Their (the Jews of north Africa) constant and very justifiable ambition is to escape from their colonised condition, an additional burden in an already oppressive status. To that end, they endeavour to resemble the coloniser in the frank hope that he may cease to consider them different from him. Hence their efforts to forget the past, to change collective habits and their enthusiastic adoption of western language, culture and customs.35
Memmi, a Tunisian Jew, wrote that the Jews of north Africa – and especially in Algeria - lived in ‘painful and constant ambiguity’. The Jews of Algeria feared both the French colons and the Arab nationalists – and this placed the communal view in abeyance. Between 1950 and 1970, 220,000 Jews migrated to France from North Africa. This reality disappointed Liebman in Brussels.

Liebman’s core belief was that Jews should not separate themselves. Israel’s victory during the Six Day war thus renewed his view that the Jews of Israel should renounce Zionism and integrate into the Arab Middle East. He therefore opposed ‘the Jewish character of the Jewish state’. He spoke of ‘a ghetto-nation which regards itself as ethnically, socially and politically different’ which was ‘an alien element in the region’. 36He believed that the identification of Diaspora Jews with Israel would justify the classical assertion of double loyalty by anti-Semites. If the Jews of Israel would only de-Zionise and stretch out their hand to their Arab brothers, they would be heartily welcomed into the Middle East.

Liebman was an early exponent of Palestinian nationalism on the European Left and the absolutist interpretation of the right of return. He defended the PLO’s advocacy of ‘a democratic and secular Palestine’ to replace the state of Israel. He believed that the PLO should cultivate the Jews of Israel and bring them around to their way of thinking and supported ‘the superiority of the Palestinian solution over the Zionist one’. Israel, he argued, would find their support in ‘circles possessed of enormous financial resources’ which was influential in the western media. The Palestinians, by contrast, would find their support among left wing youth for a progressive bi-national Palestine.
In this connection, it is essential to stress that all the Palestinian organisations have turned their backs on that earlier nihilism which, basing itself on a single consideration, the unjust origin of Israel, formerly refused to contemplate the possibility of co-existing with the Jews, now settled in Israel. Today, these organisations openly acknowledge that the positions they formerly defended and the language they used were symptoms of their political immaturity. Now they call upon the Jews of Israel to agree to co-operate in building a new state in which they would not have to suffer any discrimination but in which also they would enjoy no privileges.37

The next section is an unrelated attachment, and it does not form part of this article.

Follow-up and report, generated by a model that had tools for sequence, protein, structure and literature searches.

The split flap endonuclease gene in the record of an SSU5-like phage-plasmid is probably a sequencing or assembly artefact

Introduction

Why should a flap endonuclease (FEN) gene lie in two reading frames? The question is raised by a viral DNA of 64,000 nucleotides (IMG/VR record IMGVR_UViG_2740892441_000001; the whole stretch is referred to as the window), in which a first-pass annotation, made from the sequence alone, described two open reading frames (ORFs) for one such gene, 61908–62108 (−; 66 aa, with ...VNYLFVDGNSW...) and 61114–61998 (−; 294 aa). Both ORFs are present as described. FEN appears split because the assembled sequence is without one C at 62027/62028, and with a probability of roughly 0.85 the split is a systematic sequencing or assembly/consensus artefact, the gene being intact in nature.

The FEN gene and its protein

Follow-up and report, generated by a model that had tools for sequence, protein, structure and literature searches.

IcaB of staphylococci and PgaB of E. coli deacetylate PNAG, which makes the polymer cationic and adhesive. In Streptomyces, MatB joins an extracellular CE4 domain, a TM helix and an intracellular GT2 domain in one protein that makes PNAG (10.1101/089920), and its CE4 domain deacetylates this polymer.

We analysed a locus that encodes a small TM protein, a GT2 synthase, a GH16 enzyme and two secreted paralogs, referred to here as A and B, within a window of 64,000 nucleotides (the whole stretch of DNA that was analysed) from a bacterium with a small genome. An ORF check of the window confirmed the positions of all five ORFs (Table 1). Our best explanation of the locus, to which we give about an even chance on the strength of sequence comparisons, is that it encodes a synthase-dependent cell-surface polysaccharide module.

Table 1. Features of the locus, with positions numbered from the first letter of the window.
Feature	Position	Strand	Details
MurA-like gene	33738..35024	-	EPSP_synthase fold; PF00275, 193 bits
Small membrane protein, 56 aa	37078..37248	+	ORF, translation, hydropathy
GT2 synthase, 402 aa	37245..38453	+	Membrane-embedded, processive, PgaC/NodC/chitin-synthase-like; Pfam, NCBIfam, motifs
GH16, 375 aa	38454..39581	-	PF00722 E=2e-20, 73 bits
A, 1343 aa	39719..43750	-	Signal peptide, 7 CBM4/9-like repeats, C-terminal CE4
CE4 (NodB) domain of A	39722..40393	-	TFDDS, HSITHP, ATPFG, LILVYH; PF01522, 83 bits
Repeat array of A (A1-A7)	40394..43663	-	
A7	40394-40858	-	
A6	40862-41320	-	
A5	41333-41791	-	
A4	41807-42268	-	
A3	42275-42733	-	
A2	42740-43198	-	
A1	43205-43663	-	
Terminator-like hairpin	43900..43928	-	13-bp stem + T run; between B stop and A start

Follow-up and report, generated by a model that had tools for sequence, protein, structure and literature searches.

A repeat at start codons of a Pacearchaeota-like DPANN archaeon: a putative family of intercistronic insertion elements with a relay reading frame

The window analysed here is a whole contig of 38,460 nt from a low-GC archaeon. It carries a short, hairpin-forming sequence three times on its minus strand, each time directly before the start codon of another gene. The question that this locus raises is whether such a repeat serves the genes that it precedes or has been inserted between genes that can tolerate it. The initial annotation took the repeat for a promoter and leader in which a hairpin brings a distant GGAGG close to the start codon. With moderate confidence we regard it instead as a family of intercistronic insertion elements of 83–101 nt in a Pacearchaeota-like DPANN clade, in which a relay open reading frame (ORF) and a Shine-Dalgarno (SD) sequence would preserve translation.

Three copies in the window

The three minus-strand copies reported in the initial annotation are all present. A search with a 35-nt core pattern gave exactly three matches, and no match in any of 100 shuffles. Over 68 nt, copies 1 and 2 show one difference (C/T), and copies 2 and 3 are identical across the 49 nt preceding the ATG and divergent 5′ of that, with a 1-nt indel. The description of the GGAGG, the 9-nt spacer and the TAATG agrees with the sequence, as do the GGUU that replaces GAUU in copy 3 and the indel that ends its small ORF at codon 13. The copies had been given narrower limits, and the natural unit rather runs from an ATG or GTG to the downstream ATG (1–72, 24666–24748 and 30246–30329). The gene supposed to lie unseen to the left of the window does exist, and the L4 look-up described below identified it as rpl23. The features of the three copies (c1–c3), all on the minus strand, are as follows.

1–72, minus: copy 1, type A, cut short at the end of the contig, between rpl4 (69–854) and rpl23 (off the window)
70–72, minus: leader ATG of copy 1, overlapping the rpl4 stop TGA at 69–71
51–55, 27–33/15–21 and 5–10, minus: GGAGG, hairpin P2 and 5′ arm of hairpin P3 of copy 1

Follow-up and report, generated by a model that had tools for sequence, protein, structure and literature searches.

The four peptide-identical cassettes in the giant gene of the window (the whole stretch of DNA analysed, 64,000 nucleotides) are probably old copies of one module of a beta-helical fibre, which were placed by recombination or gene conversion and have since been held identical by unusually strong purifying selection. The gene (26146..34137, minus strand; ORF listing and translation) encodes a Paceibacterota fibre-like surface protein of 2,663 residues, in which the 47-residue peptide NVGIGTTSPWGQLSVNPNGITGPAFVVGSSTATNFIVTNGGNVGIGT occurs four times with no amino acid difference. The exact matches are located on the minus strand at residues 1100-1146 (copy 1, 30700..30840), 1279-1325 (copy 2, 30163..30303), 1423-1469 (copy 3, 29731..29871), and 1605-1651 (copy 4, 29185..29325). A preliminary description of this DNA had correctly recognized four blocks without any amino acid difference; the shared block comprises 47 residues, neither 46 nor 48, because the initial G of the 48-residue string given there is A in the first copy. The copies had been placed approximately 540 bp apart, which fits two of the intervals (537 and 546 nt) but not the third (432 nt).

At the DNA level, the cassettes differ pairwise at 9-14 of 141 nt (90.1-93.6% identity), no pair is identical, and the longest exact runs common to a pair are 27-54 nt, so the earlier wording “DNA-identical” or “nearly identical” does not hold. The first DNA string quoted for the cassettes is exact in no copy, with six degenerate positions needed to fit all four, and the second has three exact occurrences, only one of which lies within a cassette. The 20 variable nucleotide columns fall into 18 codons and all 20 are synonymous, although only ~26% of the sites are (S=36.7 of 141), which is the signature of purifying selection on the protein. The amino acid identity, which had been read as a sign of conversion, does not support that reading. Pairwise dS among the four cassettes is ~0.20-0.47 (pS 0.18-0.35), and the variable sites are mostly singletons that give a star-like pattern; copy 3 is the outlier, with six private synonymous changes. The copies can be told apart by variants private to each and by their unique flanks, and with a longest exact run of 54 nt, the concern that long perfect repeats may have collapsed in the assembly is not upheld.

This advocacy of a one state solution was in contrast to the outlook of one of the leaders of the Israeli Communist party, Moshe Sneh. He made a distinction between anti-imperialism and pan-Arabism – and pointed out that Arab proclamations of equality with other groups, Armenians, Assyrians, Kurds, were not always realised. His colleague, Shmuel Mikunis was scathing about the apparent Arab blueprint to end Israel’s existence, suggesting that the old cry of the European fascists, ‘Judeo-Bolshevism’, had been updated to one of ‘Judeo-Colonialism’.
We have been repeatedly told not to pay heed to the threats against Israel. It was explained to us, over and over again, that these were mere words, which would disappear ‘with time’...we had been preached at to be lenient with the Arab anti-imperialists, at least, notwithstanding their warmongering because they were not only progressive but also on friendly terms with the Soviet Union...And even more: because of – what is called ‘the general interests of peace and socialism’.38
Liebman was accused of utopianism and wishful thinking. Unlike his close friend and colleague, the Marxist academic, Ralph Miliband, he regarded Arab nationalist regimes as progressive. He attacked suggestions that the PLO really wanted an Arab Palestine and that Arafat’s pitch to the New Left in Europe was little more than a public relations exercise.


There was a remarkable exchange of letters between Miliband and Liebman during the period of the Six Day War in June 1967. They were good friends, came from similar Polish Jewish families and examined contemporary events from a Marxist perspective. Yet while they agreed on most issues, there were profound differences on the question of Israel, especially on the eve of the war. Miliband who rarely touched on the Middle East conflict argued for Israel’s right to exist whereas Liebman espoused Arab nationalism with a passion. The correspondence was both civilised and acrimonious.

Miliband differed profoundly with Liebman on the part of the European Left’s willingness to accept ‘the rhetoric of Arab socialism’ emanating from Cairo. Nasser’s regime was, he pointed out, ‘a semi-military, bureaucratic dictatorship’ and the independent Egyptian Left had been brutally suppressed by it – ‘often with the help of former Gestapo officials’.39

Miliband argued that the European Left should be more discerning. While it should undoubtedly support Nasser’s moves against imperialism and colonialism, some of his undertakings against Israel left much to be desired. Liebman in turn argued that while Israel did not prevent the economic and socialist development of the Arab world, it did in essence fetter it and inhibit it. Miliband did not agree: